Stars: Dianna Agron, Chris Colfer, Darren Criss, Jane Lynch, Jayma Mays, Kevin McHale, Lea Michele, Cory Monteith, Heather Morris, Matthew Morrison, Amber Riley, Naya Rivera, Mark Salling, Harry Shum Jr., Jenna Ushkowitz
Writer: Brad Falchuk
Director: Eric Stoltz
Network: Fox, airs Tuesday nights
Original Telecast: September 20, 2011
Sorry to say this, but I think GLEE is officially over. Some may even say it jumped the shark, but I think that already happened last year.
The season three premiere “The Purple Piano Project” already feels like the show has “been there, done that” hitting some of the same beats as last year’s first episode while sinking to a new low by literally ripping off ANIMAL HOUSE. In fact, it feels like the show is entering a seventh season, rather than a third, as it’s stuck in a boring malaise of uninvolving storytelling and contrived plot machinations.
A ton of personal stuff has happened since we last saw the students at McKinley High. They lost at Nationals which made Quinn (Dianna Agron) go completely anti-social. She’s dyed her hair red, got a Ryan Seacrest tattoo (totally not funny and kind of gross) and got a nose ring. She also joined smokes and hangs out with other anti-social girls under the bleachers who call themselves “Skanks.” Yup, that is what’s passing for jokes on GLEE nowadays. Why don’t they just write Quinn off the show now and spare us another season of completely destroying the once interesting character. Hell, make her O.D. and turn it into a musical number – that would be super funny!
Mr. Schuester (Matthew Morrison) is also dating Emma (Jayma Mays) – and actually grows a pair in his desire to win at Nationals. He won’t let people who can’t sing in Glee club and finally kicks two-timing Santana (Naya Rivera) out of the club for sabotaging them (while under Sue’s orders). And Sue (Jane Lynch) has decided to run for political office on the platform that she’ll destroy all performance arts programs at local schools if elected.
Many other things happened, but it was just dreadful. Kurt (Chris Colfer) and Rachel (Lea Michele) have dreams of attending a performance art school in New York, but when they meet other ambitious singer/performers like them, they realize they’re not as good as they thought they were.
Oh, and Blaine (Darren Chris) transfers from Dalton Academy to McKinley so he can be in New Directions and closer to Kurt. Very convenient and essentially breaks up the Warblers, who were one of the better additions to last season. Lazy writing. Lazy, lazy, lazy.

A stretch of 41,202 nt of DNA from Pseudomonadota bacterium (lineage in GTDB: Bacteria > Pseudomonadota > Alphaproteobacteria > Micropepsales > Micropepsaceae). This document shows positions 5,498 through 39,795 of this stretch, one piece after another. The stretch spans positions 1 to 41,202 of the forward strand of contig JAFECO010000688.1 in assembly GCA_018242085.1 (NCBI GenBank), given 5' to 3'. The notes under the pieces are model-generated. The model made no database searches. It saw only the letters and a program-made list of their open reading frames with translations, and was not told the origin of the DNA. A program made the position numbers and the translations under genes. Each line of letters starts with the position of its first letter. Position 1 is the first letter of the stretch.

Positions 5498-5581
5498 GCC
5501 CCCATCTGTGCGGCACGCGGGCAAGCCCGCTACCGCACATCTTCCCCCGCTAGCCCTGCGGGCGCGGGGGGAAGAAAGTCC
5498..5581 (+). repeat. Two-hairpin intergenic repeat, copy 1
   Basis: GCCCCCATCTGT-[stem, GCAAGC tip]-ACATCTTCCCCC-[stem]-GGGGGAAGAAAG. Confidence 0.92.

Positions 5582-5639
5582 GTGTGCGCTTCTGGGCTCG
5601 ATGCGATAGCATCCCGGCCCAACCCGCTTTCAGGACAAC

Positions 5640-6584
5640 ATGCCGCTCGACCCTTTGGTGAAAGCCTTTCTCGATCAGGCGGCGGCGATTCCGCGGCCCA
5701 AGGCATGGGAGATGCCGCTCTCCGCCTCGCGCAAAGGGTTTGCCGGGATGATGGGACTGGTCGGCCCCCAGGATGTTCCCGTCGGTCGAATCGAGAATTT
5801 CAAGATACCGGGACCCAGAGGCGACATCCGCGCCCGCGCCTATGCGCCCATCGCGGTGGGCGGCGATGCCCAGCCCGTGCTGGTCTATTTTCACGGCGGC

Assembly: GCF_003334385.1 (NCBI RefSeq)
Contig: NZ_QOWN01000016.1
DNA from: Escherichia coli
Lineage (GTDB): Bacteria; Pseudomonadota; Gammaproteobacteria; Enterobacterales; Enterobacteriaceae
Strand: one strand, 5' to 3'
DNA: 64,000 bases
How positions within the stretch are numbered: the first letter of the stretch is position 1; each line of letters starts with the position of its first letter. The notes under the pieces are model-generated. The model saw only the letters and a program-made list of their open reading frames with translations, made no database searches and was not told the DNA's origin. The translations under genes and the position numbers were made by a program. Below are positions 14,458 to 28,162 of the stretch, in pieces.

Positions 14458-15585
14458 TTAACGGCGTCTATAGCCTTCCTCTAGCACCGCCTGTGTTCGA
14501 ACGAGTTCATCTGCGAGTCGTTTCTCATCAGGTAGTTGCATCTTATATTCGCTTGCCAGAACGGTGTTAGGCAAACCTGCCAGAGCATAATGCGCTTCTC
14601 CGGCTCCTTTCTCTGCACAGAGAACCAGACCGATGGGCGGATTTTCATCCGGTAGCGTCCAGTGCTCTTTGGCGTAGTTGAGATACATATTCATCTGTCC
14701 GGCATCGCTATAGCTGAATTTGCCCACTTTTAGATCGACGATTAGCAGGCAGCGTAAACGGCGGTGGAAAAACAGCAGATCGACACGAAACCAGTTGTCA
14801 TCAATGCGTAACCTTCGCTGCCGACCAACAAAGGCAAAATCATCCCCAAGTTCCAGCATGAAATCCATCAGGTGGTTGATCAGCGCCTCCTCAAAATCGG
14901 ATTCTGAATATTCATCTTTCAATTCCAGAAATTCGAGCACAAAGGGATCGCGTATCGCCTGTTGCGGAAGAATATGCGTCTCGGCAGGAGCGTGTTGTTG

There’s also an appearance by THE GLEE PROJECT runner-up Lindsay Pearce – who is written like a Rachel copycat. We’ve already got one over-achiever on the show. Do we need another one? Is this how they’re going to waste the talent pool from THE GLEE PROJECT?
GLEE has went from being an inspirational show about underdogs in Season 1 to a hateful show about unlikable whiny people who feel they deserve the spotlight, want to destroy the spotlight or want to sabotage someone else’s spotlight.
I hate just about everyone on this show now. There is no unity, there is no focus and very good actors are completely wasted in a shell of what the show once was.
The song choices are also HORRIBLE. Aside from an okay redo of the Go-Go’s “We Got the Beat,” this week was a bust (oh yeah – more show tunes!).
GLEE added a writing staff this year, and I’m not sure they’ve done much to help focus the show. This is the season premiere and it’s up there with the worst episodes from last year.
I’m so confused as to what went wrong with GLEE, and why it continues to struggle to find its focus and purpose. Maybe it’s a good thing some of the students (aka actors) are graduating after this year. The show will need new blood to reinvigorate it and save it from itself. And don’t let the students graduating come back either. As much as we’ve grown to love these characters let them go away when the going is good.
I want to give GLEE (which is starting to feel like the Netflix of primetime television series) a few more chances before I abandon it completely, but I feel like I’ve lost a whole hour of my life that I can never have back with “The Purple Piano Project” (I won’t even explain what that has to do with the show – another lame-brained Mr. Schuester plan).
It’s a shame it’s come to this – a show that burned so bright is just nose-diving into a deep abyss where the potential for crawling out is just about nil.
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Article:TV Review: GLEE – Season 3 premiere – “The Purple Piano Project”